Much later in their journey, Peter would hear the invitation again, but the circumstances were much different (Matthew 16:13-28).  Jesus gave the disciples a pop quiz with just one question: who do people say that I am?  One after another disciple got the wrong answer, and then Peter got it: You are the Messiah (anointed one), Son of the Living God.  Jesus then gave Peter a high five and let him know that his answer was more correct than he could have possibly known – that it would be the cornerstone of the entire Jesus movement. Peter was feeling pretty proud of himself for sure, and smart too, especially having aced the test.  The cat now out of the bag, Jesus proceeded to let the boys in on what was ahead for them: they were going to head into enemy territory where Jesus would be arrested, severely beaten, falsely tried and found guilty, sentenced to death, die, but then come back to life on the third day.   Peter, feeling quite smart now after the test scores came back, promptly took Jesus aside and told him he was wrong.  Oops.  Jesus retorted, “Get behind me Satan, for you have in mind the things of men and not of God.”  I’m guessing Peter wasn’t feeling quite as wise at this point?  Jesus went on to say some powerful words about losing your life if you try to hold it tight and saving your life if you lose it for God’s sake, putting the question to listeners forevermore: what does it profit a person to gain the whole world yet lose your very soul/life? Then the invitation once again: follow me!

There is a lot here.  Peter was on the wagon, feeling great about everything, but then lost himself in overconfidence, forgetting his new identity as a follower of Jesus.  Lack of perspective and humility led to poor choices that resulted in a come-to-Jesus moment.  I think this is actually pretty common.  We feel like we’ve got everything under control and we let our guard down.  With our guard down, we become increasingly vulnerable and find ourselves one step away from disaster.  This is why there is great value in recovery group meeting folks declaring themselves alcoholics – it keeps them respectful of the disease they are struggling with.  I have found it helpful to remind myself of my “happiness program” that is doomed to perpetual failure.  My obsession with equating my worth and wellbeing with my always escalating, always out-of-reach understanding of success has been a disease I’ve been fighting my entire life.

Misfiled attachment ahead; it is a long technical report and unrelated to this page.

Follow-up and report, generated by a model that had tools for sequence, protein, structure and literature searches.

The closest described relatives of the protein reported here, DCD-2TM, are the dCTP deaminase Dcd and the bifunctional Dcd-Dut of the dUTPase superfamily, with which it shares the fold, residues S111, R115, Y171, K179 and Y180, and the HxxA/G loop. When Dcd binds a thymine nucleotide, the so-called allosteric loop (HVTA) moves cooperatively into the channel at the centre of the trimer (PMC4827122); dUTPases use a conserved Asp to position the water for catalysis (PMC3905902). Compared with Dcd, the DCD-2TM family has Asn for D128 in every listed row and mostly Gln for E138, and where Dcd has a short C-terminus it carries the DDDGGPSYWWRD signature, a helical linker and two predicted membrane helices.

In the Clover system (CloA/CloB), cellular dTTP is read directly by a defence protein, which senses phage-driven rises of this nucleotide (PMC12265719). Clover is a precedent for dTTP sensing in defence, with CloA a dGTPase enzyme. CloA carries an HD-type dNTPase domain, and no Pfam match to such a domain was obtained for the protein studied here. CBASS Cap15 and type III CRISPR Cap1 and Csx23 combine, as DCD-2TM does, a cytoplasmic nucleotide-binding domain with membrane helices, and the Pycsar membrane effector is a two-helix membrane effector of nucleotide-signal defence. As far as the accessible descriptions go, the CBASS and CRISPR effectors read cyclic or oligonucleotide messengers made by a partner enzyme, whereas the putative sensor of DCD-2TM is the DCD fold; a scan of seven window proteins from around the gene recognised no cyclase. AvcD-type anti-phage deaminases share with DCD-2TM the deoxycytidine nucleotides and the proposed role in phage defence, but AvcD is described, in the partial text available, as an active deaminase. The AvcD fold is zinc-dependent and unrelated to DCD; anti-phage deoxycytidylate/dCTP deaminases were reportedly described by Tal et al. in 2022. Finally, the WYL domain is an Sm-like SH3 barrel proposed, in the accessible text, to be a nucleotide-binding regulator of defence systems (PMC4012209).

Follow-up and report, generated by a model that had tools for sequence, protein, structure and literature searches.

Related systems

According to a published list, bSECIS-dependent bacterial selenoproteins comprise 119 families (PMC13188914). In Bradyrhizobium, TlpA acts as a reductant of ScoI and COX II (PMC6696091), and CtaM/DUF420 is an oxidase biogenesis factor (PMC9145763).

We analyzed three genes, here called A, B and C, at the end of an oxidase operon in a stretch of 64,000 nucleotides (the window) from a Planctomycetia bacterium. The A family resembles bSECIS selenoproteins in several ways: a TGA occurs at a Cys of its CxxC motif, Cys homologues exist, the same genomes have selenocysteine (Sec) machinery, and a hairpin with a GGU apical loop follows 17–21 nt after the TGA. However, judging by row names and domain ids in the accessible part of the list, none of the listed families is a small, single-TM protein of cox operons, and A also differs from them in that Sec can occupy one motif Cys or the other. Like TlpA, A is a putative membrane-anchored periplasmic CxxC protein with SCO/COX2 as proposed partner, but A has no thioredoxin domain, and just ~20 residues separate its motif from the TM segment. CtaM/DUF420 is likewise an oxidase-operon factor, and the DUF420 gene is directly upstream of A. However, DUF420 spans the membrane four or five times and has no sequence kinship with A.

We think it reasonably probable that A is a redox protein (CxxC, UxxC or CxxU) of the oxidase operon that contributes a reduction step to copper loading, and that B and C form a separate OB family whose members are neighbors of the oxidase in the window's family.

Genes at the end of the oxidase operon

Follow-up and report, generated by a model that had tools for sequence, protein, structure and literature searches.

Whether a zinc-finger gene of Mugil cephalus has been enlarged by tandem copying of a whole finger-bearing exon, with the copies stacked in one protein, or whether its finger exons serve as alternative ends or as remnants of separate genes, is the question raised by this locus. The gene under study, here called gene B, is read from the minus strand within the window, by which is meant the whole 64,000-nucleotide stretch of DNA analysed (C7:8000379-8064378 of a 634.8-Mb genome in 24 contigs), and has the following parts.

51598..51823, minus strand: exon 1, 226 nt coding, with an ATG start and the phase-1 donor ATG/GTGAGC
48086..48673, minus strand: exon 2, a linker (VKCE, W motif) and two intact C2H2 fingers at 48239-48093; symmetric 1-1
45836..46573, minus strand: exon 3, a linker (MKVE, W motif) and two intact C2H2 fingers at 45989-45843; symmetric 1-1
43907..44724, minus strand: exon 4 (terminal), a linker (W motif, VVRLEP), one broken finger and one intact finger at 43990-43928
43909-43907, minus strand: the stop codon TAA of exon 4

We also get a glimpse on another facet of what follow me entails: following even when to do so seems and feels counterintuitive.  The initial response by any sane person hearing what Jesus was saying would be Peter’s response.  Let’s not rip on him too quickly.  Jesus was saying he was going to drag the boys with him on his death march.  They could easily become collateral damage.  To not feel challenged by Jesus would be weird, honestly.  And that is the point.  The Way of Jesus is different than that of the culture.  They will rub.  The question at that point is, will we trust and follow or not?

The final follow me (in the Gospels, anyway – there are more invitations later for Peter throughout the remainder of his life) comes at the end of John’s Gospel (John 21:18-22).  Context: Peter denied knowing Jesus three times the night of Jesus’ arrest, which Jesus predicted would happen.  Peter felt terrible about it, no doubt.  After the resurrection, Jesus met the boys up at the lake where he reinstated Peter in a powerful scene where Jesus asked Peter three times whether or not he loved him, recalling the three denials.  After that beautiful scene, Jesus shared with Peter that his story is not going to end well.  In fact, he will likely be crucified just like Jesus.  Peter heard and understood.  Very sobering.  But then he wondered if everyone else would suffer, too, or would it be just him?  Will our levels of suffering be fairly distributed?  Jesus scolded him, telling him that the call on his life has nothing to do with the call on another’s life except that both were called to follow.  Humbled again.